Can a combination of therapies that target the health of nerve cells and the accumulation of beta-amyloid protein delay the onset of Alzheimer’s?
Michael J. Castle, Ph.D.
University of California, San Diego
San Diego , CA - United States
Beta-amyloid is a sticky protein fragment that forms abnormal clumps called plaques in the brain, a key hallmark of Alzheimer’s. Researchers have developed antibody therapies that use the body’s own immune system to target and remove beta-amyloid plaques. Lecanemab is an amyloid immunotherapy (antibody) that has shown beta-amyloid-clearing abilities in clinical trials and has been approved by the FDA. However, it has only modest effects on slowing cognitive decline.
Dr. Michael Castle and colleagues believe that Lecanemab’s efficacy may be improved by combining it with an approach that targets a distinct biological pathway. BDNF (brain-derived neurotrophic factor) is a protein that occurs naturally in the brain and is essential for the health and survival of nerve cells. It has been challenging to develop BDNF as a drug therapy because it does not enter the brain from the bloodstream. Dr. Castle and colleagues have been developing a novel technique for delivering a gene therapy for BDNF gene directly into the brain. This gene therapy technique requires only a single injection and leads to prolonged increases in brain BDNF levels. This mechanism differs from many other treatments being developed for Alzheimer’s because it targets the survival of nerve cells rather than the removal of beta-amyloid plaques and tau tangles (another hallmark brain change in Alzheimer’s) from the brain.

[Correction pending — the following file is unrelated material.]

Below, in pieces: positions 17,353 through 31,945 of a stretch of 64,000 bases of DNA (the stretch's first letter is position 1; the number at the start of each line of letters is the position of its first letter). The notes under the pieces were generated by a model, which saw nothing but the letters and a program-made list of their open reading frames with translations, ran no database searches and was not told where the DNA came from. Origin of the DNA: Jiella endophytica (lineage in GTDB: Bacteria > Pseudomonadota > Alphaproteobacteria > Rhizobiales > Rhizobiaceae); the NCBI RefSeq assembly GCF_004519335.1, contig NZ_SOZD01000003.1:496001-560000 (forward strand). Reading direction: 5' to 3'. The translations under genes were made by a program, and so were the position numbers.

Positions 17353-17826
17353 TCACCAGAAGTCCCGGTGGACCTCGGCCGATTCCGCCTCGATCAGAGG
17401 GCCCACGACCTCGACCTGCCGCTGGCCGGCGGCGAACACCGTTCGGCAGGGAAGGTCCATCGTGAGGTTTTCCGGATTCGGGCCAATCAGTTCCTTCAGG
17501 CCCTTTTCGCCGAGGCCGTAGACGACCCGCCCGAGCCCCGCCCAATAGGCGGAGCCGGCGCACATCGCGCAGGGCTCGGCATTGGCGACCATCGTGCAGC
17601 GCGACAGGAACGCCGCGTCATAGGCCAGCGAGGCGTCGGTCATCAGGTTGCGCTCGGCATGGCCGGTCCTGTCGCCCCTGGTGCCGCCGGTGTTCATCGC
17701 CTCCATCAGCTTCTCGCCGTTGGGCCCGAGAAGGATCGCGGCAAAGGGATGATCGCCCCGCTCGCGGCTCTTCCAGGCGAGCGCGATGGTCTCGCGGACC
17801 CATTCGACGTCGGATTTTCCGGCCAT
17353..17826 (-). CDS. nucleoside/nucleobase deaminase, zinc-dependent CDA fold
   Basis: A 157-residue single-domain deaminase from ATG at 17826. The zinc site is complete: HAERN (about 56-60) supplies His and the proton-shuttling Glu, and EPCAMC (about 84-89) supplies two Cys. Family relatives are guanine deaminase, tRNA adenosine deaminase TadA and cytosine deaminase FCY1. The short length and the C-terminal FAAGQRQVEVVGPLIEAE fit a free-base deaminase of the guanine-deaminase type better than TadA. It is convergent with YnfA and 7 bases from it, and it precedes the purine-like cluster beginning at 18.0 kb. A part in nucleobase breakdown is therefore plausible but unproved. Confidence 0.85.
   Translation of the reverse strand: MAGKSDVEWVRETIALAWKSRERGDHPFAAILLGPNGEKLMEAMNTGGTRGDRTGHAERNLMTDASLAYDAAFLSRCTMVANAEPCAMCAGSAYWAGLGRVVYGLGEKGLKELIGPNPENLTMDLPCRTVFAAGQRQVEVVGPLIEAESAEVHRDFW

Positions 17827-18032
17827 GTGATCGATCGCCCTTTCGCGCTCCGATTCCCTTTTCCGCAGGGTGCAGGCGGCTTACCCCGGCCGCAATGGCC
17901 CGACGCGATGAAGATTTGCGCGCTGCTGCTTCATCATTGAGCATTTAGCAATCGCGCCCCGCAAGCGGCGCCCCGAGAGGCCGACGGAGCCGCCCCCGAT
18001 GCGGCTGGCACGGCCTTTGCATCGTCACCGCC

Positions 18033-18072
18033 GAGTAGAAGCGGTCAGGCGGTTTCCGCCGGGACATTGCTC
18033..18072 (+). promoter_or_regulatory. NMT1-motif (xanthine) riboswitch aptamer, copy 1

Dr. Castle and team will study the effectiveness of Lecanemab immunotherapy and BDNF gene therapy individually and in combination in genetically engineered Alzheimer’s-like mice. After treatment, the researchers will conduct behavioral tests to evaluate cognition and RNA sequencing to better understand the biological mechanisms underlying the treatments’ effects.
This project will add to the understanding of two promising therapeutics for Alzheimer’s and may potentially identify a new combination therapy to evaluate in future clinical trials.
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